- Trinity cathedral (1422-1423)
- Holy Spirit Church (1476-77).
- Assumption Cathedral (1559-85).
- Monastery walls (16th-17th centuries).
- Pyatnitskaya Tower (1640).
- Beautiful Tower (16th-19th centuries).
- Assumption gate (17th century)
- Drying Tower (16th-17th centuries).
- Duck Tower (17th century).
- Ringing Tower (16th-17th centuries).
- Salt Tower, lower tier (16th century).
- Pilgrim Tower (1758-1778).
- Carpenter Tower (17th century).
- Cellarer Tower (1642-1849).
- Beer Tower (16th-17th centuries).
- Water Tower (17th century).
- Water Gate (16th-17th centuries).
- Onion Tower (16th-17th centuries).
- Metropolitan's Palace (16th-18th centuries).
- Treasury Building (16th-19th centuries): housing the exhibitions of Early Russian Art, Russian Art of the 18th to Early 20th Centuries, Russian Folk Art of the 18th to Early 20th Centuries, and Exhibition of Decorative and Applied Art.
- Infirmary with the Church of Saints Zosima and Savvaty (1635-37): housing the exhibitions of The History of the Trinity Monastery of St. Sergius, the Necropolis of the Trinity Monastery of St. Sergius, and The Architectural Ensemble and its Restoration.
- Refectory with the Church of St.Sergius (1686-92).
- Tsar's Palace (late 17th century).
- Chapel-over-the Well (late 17th century).
- Gateway Church of St.John the Baptist (1693-99).
- Church of St.Micah (1734).
- Church of the Virgin of Smolensk (1745-48).
- Bell Tower (1740-70).
- Godunov family mausoleum (1780).
- Sacristy (1780): housing the exhibitions of Early Russian Applied Art.
- Obelisk (1792).
12:18:38 Looks like a chapel, but is the ticket-office, where I bought a photo-permit for 100 roubles, which included a CD of hymns of the Russian Orthodox Church.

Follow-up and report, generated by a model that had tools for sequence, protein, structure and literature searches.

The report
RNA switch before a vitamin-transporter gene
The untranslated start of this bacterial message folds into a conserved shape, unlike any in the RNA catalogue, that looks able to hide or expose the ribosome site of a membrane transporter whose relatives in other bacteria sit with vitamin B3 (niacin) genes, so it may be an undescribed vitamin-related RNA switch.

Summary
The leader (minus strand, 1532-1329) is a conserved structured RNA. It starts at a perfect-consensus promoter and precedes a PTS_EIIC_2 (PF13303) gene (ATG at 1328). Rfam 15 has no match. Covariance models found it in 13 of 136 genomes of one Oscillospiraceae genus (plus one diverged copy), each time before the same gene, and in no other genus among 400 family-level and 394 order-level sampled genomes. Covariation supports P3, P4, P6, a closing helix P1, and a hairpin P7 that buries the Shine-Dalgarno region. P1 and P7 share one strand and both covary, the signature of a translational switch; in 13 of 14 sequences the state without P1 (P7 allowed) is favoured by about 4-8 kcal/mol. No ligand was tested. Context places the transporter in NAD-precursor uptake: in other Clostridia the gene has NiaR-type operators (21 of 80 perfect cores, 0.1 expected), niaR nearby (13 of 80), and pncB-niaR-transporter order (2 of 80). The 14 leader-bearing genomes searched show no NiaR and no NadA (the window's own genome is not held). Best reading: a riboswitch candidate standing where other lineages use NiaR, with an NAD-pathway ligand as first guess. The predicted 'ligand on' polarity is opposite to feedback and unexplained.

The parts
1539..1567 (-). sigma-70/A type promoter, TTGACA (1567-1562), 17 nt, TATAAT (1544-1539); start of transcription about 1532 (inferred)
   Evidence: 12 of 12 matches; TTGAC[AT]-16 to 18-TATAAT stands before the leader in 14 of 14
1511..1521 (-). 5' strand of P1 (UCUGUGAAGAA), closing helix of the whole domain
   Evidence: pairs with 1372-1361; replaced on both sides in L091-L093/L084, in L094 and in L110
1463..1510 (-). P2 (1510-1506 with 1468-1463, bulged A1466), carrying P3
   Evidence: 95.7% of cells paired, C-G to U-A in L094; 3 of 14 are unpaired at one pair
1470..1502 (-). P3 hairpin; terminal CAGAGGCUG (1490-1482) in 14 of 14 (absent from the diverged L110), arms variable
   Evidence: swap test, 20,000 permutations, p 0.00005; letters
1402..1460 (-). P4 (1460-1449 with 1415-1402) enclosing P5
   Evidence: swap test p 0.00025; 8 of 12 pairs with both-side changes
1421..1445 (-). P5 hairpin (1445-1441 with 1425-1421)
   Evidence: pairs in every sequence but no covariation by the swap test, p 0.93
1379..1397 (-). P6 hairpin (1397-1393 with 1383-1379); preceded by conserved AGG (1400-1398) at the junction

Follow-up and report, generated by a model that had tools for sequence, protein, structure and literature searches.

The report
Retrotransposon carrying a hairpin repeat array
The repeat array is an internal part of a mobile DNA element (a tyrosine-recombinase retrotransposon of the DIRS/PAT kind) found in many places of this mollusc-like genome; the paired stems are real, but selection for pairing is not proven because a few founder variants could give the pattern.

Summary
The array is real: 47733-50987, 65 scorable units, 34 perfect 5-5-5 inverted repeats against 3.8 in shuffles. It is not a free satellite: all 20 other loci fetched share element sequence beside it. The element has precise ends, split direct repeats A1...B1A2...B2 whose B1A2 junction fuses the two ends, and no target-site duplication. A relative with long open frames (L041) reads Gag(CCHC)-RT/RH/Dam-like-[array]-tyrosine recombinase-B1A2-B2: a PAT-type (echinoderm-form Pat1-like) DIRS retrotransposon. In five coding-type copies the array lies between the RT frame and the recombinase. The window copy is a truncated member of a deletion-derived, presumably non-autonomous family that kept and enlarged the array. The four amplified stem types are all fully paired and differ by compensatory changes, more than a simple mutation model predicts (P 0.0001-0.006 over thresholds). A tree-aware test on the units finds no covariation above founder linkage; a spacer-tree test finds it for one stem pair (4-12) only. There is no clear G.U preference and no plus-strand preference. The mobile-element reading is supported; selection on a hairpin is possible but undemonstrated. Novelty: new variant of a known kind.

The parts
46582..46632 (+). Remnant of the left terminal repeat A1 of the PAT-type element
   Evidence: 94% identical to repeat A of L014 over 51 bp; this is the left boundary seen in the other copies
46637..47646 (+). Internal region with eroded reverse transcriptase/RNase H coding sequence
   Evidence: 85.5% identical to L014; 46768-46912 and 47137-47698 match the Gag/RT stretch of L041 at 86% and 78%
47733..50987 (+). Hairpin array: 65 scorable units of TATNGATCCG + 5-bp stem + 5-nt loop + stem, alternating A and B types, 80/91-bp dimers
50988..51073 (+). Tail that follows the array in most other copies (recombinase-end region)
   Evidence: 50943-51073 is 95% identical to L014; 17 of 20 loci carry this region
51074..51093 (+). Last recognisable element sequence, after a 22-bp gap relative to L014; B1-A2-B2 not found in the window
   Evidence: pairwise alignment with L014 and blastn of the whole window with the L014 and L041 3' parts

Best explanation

12:22:18 Beautiful Tower (left) — entrance to the enclosure — and Assumption Gate (right)
12:25:38 Beautiful Tower, infested with “sky rats”. I also heard jackdaws but can’t make any out on the photo.
12:26:58 Entrance of Gateway Church of St. John the Baptist
We were accompanied, at least initially, by a black-robed young monk. Nevertheless, it was Лидия who did the talking and describing. Although he understood some English, he was shy about speaking it. I can’t remember exactly what Лидия said, but I have the impression that it was expected that the young man would complete his service in the monastery after so many years,
WOULD MARRY, then become a priest. The first church we went in was the Church of St.
12:30:50 Exit of Gateway Church of St. John the Baptist
12:34:14 Church of St. Sergius
12:39:02 “She made me do it!”
12:38:14 “[God] drove out the man, and at the east of the garden of Eden he placed the cherubim and a flaming sword that turned every way to guard the way to the tree of life.”
12:40:14 “Then Noah built an altar to the
LORD and took some of every clean animal and some of every clean bird and offered burnt offerings on the altar.”
Same view, rotated
13:03:36 I understood at the time this to be the “monks’ refectory”; but on the sketch, it is labelled “Metropolitan’s Palace”, and the church we’d just been in “Refectory with the Church of St. Sergius”.
We next went in the Holy Spirit Church.
Holy Spirit Church
Above the iconostasis
Holy doors, customarily shut